Projected changes in distributions of Australian tropical savanna birds under climate change using three dispersal scenarios

Authors

  • April E. Reside,

    1. CSIRO Climate Adaptation Flagship and Ecosystem Sciences, Private Mail Bag PO, Aitkenvale, Queensland, 4814, Australia.
    2. Centre for Tropical Biodiversity and Climate Change, School of Marine and Tropical Biology, James Cook University, Townsville, Queensland, 4811, Australia.
    Search for more papers by this author
  • Jeremy VanDerWal,

    1. Centre for Tropical Biodiversity and Climate Change, School of Marine and Tropical Biology, James Cook University, Townsville, Queensland, 4811, Australia.
    Search for more papers by this author
  • Alex S. Kutt

    1. CSIRO Climate Adaptation Flagship and Ecosystem Sciences, Private Mail Bag PO, Aitkenvale, Queensland, 4814, Australia.
    Search for more papers by this author

April E. Reside, CSIRO Climate Adaptation Flagship and Ecosystem Sciences, Private Mail Bag PO, Aitkenvale, Queensland, 4814, Australia. Tel: +617 4753864; Fax: +617 4753 8600; E-mail: april.reside@gmail.com.

Abstract

Identifying the species most vulnerable to extinction as a result of climate change is a necessary first step in mitigating biodiversity decline. Species distribution modeling (SDM) is a commonly used tool to assess potential climate change impacts on distributions of species. We use SDMs to predict geographic ranges for 243 birds of Australian tropical savannas, and to project changes in species richness and ranges under a future climate scenario between 1990 and 2080. Realistic predictions require recognition of the variability in species capacity to track climatically suitable environments. Here we assess the effect of dispersal on model results by using three approaches: full dispersal, no dispersal and a partial-dispersal scenario permitting species to track climate change at a rate of 30 km per decade. As expected, the projected distributions and richness patterns are highly sensitive to the dispersal scenario. Projected future range sizes decreased for 66% of species if full dispersal was assumed, but for 89% of species when no dispersal was assumed. However, realistic future predictions should not assume a single dispersal scenario for all species and as such, we assigned each species to the most appropriate dispersal category based on individual mobility and habitat specificity; this permitted the best estimates of where species will be in the future. Under this “realistic” dispersal scenario, projected ranges sizes decreased for 67% of species but showed that migratory and tropical-endemic birds are predicted to benefit from climate change with increasing distributional area. Richness hotspots of tropical savanna birds are expected to move, increasing in southern savannas and southward along the east coast of Australia, but decreasing in the arid zone. Understanding the complexity of effects of climate change on species’ range sizes by incorporating dispersal capacities is a crucial step toward developing adaptation policies for the conservation of vulnerable species.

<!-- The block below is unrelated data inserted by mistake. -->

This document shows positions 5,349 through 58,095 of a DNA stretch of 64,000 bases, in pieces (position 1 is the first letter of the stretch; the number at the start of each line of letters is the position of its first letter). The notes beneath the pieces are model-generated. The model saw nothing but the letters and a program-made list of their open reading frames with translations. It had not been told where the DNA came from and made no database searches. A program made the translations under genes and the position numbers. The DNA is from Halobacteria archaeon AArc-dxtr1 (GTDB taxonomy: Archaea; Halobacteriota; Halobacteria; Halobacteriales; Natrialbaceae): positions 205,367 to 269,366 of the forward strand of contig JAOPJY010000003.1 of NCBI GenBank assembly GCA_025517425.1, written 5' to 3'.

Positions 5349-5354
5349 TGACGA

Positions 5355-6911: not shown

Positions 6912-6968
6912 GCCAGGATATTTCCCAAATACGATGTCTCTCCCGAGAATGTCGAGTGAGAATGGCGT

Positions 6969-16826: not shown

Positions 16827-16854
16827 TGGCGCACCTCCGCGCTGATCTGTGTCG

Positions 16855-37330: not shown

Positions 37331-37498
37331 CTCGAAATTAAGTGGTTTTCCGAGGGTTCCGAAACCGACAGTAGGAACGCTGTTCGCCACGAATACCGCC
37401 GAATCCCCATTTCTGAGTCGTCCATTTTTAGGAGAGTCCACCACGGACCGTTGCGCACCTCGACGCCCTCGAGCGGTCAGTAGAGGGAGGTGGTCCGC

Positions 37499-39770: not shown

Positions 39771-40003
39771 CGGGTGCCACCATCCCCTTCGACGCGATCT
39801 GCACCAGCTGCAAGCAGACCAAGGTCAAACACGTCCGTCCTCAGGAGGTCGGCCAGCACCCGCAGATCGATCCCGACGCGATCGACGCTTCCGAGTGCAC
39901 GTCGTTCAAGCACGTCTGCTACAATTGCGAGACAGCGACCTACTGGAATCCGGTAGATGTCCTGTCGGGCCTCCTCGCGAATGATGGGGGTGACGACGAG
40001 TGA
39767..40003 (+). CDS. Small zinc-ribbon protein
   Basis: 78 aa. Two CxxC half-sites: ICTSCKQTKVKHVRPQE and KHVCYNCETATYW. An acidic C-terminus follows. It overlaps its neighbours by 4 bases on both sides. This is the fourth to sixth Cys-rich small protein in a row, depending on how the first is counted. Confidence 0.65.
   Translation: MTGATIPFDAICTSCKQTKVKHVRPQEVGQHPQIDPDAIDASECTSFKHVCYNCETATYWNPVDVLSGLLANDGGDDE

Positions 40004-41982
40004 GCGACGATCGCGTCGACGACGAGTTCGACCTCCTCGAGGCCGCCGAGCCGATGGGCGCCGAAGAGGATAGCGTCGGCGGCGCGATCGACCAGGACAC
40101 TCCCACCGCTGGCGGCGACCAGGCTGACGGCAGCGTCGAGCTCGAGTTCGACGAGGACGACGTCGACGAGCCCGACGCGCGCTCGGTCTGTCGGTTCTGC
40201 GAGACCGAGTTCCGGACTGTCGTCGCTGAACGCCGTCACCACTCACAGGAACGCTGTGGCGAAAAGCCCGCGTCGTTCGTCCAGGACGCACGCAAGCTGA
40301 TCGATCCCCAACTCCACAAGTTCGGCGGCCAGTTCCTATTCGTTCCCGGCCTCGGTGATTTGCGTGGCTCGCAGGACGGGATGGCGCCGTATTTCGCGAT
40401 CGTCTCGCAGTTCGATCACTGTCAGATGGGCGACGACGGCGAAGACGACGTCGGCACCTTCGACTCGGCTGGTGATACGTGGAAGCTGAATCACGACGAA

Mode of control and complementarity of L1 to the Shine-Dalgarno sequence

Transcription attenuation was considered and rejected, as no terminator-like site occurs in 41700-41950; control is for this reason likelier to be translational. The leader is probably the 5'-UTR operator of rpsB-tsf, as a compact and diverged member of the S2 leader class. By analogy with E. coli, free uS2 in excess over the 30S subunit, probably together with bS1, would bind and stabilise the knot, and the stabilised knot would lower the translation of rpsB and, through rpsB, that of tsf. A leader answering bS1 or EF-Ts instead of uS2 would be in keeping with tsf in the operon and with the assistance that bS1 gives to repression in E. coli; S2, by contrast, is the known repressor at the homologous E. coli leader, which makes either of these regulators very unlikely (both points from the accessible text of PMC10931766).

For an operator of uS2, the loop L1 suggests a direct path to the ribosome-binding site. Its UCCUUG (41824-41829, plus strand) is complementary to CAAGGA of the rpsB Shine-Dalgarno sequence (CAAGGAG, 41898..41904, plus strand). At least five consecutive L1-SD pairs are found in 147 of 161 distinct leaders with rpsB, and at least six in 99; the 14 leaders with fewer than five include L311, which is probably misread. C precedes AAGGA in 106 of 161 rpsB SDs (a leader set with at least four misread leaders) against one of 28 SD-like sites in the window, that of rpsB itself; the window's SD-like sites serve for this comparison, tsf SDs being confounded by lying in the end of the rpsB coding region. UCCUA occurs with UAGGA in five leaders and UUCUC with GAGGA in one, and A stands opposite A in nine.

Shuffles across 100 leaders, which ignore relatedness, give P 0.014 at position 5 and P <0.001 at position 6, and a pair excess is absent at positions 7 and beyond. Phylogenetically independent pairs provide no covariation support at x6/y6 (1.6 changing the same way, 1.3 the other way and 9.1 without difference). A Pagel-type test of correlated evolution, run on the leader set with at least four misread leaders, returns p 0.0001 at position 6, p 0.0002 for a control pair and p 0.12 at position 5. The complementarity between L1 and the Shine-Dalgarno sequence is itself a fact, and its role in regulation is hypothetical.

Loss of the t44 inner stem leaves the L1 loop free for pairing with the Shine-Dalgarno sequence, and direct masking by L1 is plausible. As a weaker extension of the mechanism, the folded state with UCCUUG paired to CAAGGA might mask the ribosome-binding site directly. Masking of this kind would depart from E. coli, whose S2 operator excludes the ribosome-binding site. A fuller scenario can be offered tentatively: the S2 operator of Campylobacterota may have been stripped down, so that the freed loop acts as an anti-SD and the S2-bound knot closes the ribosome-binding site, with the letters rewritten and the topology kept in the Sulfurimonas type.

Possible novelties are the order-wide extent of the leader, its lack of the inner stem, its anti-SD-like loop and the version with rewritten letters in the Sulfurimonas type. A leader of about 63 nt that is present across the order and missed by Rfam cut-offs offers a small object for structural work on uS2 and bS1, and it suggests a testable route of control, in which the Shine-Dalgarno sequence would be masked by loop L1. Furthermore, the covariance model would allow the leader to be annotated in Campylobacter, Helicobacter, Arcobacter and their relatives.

Ancillary